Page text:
Write more efficient, readable, and performant jQuery code

Performance is a BIG issue in applications that many developers pay no attention to. With the increasing speed of internet connections, performance issues become less and less apparent. However with mobile and tablet use, bandwidth issues and lower-processors can bring these issues to light and should help motivate developers to write better code.

jQuery is by far the most popular JavaScript library in the market and there are several things you can do to make your code faster and more efficient. In my previous blog post, I highlighted just two things you can do to your code to instantly make a difference. In this blog post, I will be highlighting things to make your every-day development more efficient and performant.

Naming variables

This one is simple, but will instantly make your code more readable. Any time you assign a variable that points to a jQuery object (selector, single jQuery element, or otherwise) you should prefix it with a $. This will help other developers instantly recognize that the variable is dealing with a jQuery object


Caching Selectors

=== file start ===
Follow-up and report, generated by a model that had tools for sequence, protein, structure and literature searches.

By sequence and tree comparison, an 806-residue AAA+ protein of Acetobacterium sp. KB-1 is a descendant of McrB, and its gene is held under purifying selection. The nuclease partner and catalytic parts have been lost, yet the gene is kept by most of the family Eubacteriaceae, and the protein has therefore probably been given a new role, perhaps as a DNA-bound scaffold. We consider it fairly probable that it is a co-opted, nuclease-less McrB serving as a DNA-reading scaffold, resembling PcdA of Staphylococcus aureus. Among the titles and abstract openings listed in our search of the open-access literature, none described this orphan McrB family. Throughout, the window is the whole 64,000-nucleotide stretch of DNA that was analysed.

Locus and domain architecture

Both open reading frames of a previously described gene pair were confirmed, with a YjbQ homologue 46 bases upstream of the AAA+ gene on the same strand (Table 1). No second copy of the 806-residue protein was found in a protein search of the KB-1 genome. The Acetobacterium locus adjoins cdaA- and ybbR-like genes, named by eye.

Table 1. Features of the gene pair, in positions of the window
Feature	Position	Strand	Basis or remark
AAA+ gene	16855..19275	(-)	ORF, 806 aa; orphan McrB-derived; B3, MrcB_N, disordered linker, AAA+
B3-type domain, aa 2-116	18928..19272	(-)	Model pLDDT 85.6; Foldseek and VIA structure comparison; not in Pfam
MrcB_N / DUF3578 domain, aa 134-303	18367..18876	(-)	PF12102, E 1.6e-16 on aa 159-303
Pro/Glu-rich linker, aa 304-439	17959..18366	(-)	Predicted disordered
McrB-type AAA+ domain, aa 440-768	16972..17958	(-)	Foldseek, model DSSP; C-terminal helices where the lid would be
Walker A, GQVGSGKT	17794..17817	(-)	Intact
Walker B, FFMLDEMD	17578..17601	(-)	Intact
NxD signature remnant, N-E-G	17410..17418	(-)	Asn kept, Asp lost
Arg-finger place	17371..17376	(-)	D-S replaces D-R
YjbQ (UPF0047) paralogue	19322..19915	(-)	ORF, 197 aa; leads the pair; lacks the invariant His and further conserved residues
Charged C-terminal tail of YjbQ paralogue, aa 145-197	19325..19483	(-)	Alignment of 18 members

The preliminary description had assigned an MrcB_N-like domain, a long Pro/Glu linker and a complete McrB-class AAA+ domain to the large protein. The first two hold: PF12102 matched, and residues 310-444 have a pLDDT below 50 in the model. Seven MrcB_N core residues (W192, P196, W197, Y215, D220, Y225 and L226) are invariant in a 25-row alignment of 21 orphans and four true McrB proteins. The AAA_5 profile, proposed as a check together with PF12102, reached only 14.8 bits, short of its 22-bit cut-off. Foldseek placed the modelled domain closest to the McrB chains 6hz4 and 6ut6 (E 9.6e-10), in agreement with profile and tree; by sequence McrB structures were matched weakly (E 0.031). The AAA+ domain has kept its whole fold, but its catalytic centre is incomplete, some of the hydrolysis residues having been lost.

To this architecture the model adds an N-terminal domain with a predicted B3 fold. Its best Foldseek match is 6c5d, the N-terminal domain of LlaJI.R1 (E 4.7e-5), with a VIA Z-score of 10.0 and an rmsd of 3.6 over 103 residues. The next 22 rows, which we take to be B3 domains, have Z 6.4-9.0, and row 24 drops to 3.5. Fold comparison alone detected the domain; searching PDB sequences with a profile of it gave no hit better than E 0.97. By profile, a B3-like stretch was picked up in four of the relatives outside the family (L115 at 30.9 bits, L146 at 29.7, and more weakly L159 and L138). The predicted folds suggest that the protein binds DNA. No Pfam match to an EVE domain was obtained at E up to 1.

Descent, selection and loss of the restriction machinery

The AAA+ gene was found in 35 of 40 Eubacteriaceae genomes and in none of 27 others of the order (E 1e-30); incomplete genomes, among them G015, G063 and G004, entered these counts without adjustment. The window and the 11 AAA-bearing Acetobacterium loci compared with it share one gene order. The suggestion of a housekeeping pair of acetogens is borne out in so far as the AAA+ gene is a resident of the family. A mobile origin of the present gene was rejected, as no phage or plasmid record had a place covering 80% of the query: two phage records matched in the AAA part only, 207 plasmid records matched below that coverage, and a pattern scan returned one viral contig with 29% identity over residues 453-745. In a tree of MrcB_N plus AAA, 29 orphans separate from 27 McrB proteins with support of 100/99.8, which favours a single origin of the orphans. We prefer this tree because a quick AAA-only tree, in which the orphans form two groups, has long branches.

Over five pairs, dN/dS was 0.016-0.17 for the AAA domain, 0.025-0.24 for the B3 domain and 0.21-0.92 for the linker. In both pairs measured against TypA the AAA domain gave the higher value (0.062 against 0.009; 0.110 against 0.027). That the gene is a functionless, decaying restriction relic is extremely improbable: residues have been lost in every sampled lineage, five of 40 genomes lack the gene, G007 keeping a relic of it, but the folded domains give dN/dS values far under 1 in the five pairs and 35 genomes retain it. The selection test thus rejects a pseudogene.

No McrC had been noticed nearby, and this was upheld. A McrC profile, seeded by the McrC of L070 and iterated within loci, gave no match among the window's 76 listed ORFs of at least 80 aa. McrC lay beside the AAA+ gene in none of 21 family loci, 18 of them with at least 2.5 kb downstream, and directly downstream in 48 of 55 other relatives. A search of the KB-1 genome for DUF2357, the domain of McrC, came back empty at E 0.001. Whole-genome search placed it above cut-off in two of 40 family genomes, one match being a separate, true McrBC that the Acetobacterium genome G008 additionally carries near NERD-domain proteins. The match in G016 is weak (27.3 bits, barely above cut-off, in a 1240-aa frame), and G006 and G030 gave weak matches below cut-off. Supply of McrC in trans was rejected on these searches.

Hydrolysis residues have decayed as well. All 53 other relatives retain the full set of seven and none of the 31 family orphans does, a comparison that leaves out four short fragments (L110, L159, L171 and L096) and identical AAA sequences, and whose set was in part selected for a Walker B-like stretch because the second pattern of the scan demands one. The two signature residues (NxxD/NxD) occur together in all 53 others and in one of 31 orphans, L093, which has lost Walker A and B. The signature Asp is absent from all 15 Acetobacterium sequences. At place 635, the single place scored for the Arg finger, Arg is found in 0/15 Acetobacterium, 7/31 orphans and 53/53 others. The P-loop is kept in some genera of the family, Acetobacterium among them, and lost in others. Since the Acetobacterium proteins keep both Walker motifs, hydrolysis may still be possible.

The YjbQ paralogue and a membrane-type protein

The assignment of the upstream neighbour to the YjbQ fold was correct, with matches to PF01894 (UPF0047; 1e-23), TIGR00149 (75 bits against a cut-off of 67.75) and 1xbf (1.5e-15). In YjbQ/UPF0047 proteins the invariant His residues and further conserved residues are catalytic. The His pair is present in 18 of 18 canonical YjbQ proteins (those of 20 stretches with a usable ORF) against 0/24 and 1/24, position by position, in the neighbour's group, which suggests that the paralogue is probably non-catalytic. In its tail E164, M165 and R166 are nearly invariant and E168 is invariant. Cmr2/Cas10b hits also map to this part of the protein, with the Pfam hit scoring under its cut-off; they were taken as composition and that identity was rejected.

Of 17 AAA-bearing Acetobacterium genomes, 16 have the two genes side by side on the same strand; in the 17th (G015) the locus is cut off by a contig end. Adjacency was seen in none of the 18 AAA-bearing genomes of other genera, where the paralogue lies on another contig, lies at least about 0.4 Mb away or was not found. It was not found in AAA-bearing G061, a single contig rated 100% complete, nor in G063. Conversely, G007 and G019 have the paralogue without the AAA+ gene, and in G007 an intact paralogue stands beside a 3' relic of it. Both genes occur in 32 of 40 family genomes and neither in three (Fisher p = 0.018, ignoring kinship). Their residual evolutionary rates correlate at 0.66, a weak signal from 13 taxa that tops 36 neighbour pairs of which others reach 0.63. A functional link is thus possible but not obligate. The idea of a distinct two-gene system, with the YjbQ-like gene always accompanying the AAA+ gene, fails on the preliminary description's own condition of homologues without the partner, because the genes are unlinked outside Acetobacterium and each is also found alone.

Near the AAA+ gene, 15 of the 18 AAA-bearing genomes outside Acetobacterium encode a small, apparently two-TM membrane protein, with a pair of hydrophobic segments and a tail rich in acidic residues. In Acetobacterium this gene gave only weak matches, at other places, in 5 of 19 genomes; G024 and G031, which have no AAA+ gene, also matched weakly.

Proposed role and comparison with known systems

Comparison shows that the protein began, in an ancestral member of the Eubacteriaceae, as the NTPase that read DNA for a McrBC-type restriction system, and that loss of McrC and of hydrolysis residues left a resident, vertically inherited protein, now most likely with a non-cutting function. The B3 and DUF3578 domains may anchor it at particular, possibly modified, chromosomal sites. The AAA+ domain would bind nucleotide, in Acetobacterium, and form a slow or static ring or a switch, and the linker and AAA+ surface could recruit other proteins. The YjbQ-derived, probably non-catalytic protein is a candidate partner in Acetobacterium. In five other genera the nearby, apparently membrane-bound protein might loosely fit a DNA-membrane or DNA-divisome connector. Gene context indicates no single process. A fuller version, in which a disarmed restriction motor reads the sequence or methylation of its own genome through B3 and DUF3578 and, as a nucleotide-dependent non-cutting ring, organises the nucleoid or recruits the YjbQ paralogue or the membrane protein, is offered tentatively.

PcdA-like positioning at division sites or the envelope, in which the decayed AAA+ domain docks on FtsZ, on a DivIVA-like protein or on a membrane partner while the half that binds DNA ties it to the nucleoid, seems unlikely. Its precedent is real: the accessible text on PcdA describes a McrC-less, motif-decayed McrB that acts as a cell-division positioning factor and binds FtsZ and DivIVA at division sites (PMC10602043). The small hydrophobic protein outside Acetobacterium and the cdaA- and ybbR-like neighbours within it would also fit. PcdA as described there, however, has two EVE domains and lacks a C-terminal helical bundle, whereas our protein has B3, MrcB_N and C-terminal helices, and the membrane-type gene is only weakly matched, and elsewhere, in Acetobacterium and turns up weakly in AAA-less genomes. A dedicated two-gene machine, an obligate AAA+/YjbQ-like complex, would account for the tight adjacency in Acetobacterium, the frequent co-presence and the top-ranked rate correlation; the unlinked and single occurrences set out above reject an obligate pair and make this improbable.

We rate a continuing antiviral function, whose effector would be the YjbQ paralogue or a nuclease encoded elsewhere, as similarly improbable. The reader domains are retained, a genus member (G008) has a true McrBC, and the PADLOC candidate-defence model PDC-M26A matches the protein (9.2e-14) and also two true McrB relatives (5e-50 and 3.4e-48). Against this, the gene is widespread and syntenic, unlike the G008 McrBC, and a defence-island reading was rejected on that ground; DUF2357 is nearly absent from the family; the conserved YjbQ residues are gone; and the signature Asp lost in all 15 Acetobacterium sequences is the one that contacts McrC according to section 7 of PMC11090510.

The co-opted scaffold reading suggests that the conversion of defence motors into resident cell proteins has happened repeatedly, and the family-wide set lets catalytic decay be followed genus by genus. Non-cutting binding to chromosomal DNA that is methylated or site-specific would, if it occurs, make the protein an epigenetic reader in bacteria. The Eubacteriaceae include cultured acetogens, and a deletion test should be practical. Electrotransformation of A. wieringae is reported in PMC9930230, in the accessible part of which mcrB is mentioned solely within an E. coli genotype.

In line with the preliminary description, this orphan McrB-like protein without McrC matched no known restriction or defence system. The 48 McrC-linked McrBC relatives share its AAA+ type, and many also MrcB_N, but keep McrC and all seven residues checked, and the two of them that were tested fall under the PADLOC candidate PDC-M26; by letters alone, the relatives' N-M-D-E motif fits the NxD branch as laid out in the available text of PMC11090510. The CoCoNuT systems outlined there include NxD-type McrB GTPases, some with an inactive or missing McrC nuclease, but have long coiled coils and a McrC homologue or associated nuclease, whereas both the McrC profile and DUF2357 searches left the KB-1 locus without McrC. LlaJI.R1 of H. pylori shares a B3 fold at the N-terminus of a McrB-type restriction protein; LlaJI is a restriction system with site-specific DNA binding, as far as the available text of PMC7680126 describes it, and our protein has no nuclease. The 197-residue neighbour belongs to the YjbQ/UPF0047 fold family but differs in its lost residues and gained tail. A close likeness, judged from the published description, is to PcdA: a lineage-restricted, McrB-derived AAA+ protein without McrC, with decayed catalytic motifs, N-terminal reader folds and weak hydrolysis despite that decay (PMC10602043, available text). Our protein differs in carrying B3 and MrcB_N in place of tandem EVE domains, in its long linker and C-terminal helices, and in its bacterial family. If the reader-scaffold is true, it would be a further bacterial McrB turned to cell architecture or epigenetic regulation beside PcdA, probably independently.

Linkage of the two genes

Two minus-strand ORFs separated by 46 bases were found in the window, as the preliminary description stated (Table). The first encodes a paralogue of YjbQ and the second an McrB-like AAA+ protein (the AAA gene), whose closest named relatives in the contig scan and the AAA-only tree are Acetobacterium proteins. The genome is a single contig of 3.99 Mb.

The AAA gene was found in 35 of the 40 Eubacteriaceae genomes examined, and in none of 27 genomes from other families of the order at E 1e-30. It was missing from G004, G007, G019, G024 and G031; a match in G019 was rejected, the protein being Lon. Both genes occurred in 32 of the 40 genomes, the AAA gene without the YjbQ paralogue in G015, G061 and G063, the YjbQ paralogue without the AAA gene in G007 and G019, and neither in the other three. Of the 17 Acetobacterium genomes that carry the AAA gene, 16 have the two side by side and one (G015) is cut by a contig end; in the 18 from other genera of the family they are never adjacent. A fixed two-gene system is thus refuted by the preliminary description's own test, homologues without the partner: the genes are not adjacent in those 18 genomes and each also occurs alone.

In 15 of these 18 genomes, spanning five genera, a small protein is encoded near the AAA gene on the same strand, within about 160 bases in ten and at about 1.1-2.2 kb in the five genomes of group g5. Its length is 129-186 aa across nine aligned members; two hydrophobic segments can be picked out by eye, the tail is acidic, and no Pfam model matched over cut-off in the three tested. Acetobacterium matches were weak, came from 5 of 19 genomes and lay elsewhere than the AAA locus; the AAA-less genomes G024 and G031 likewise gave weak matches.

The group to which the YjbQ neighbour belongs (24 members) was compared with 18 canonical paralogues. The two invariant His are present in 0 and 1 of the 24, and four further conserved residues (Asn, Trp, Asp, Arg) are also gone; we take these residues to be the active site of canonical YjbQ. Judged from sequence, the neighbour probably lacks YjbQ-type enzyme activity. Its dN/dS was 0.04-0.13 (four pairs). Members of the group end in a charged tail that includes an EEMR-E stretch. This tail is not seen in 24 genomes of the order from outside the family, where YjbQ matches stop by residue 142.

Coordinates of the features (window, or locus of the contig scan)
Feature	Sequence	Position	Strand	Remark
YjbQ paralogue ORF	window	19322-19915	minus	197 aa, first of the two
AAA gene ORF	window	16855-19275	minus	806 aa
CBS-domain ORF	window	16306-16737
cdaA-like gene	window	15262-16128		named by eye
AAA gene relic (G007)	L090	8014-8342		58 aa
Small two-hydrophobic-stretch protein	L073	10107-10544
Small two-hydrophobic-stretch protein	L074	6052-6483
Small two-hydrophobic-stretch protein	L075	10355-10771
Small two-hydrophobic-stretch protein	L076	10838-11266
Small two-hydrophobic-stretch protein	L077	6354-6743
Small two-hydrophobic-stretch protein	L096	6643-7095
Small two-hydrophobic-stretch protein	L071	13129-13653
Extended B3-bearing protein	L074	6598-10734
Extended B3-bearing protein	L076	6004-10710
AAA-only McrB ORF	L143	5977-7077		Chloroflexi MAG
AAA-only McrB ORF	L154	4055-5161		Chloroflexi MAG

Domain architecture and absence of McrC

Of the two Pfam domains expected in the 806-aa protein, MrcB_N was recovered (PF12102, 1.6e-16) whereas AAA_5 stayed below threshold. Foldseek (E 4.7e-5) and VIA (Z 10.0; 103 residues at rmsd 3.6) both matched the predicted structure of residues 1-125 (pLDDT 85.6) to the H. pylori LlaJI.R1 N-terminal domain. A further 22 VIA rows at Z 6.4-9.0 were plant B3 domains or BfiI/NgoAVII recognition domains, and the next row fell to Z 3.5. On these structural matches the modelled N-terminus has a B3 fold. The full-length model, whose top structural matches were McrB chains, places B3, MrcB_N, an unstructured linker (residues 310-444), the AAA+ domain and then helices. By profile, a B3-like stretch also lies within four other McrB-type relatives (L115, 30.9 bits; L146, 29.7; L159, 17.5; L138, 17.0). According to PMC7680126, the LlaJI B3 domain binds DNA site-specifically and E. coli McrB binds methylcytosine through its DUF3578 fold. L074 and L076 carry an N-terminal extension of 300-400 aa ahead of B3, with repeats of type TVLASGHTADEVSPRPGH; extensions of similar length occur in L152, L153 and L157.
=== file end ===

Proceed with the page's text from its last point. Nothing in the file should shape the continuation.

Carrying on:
jQuery makes it stupidly simple to grab elements on a page and perform operations. Because it is so easy, it also promotes inefficient code because it’s easy to forget basic principles, such as caching. If you are going to reuse elements from a selector, you should cache it in a variable.

Chaining

Chaining makes your code more efficient and less cluttered. If you are going to perform multiple operations on a jQuery object, chain the operations instead of breaking them into multiple statements.

How does chaining work? Most of jQuery’s functions actually return a pointer to the original object, or “this”. So $buttons.show() returns $(this), which makes the subsequent call to .css() on the original buttons object. I recommend using this as often as you can.

Master selector efficiency

If you master the art of selector efficiency, you can drastically improve the speed of your jQuery code. There are three basic principles:

  1. Use IDs instead of classes whenever possible
  2. Specificity – Be more specific on the right side of your selectors instead of at the beginning
  3. Avoid the universal selector (*)

For more details, see this helpful jQuery post.

Use multiple selectors for like operations

Do you ever want to perform the same operation on different selectors? You might write code like this:

Instead, you can write multiple selectors in one selector and make your code instantly more readable and efficient

Change CSS code with classes and not .css()

It’s tempting to use .css() function from jQuery to quickly change the css properties of an element. However, it is more efficient, readable, and maintainable to actually just write a css class instead.

With these small changes, you will make a huge impact on your application and other developers will thank you for it. Enjoy!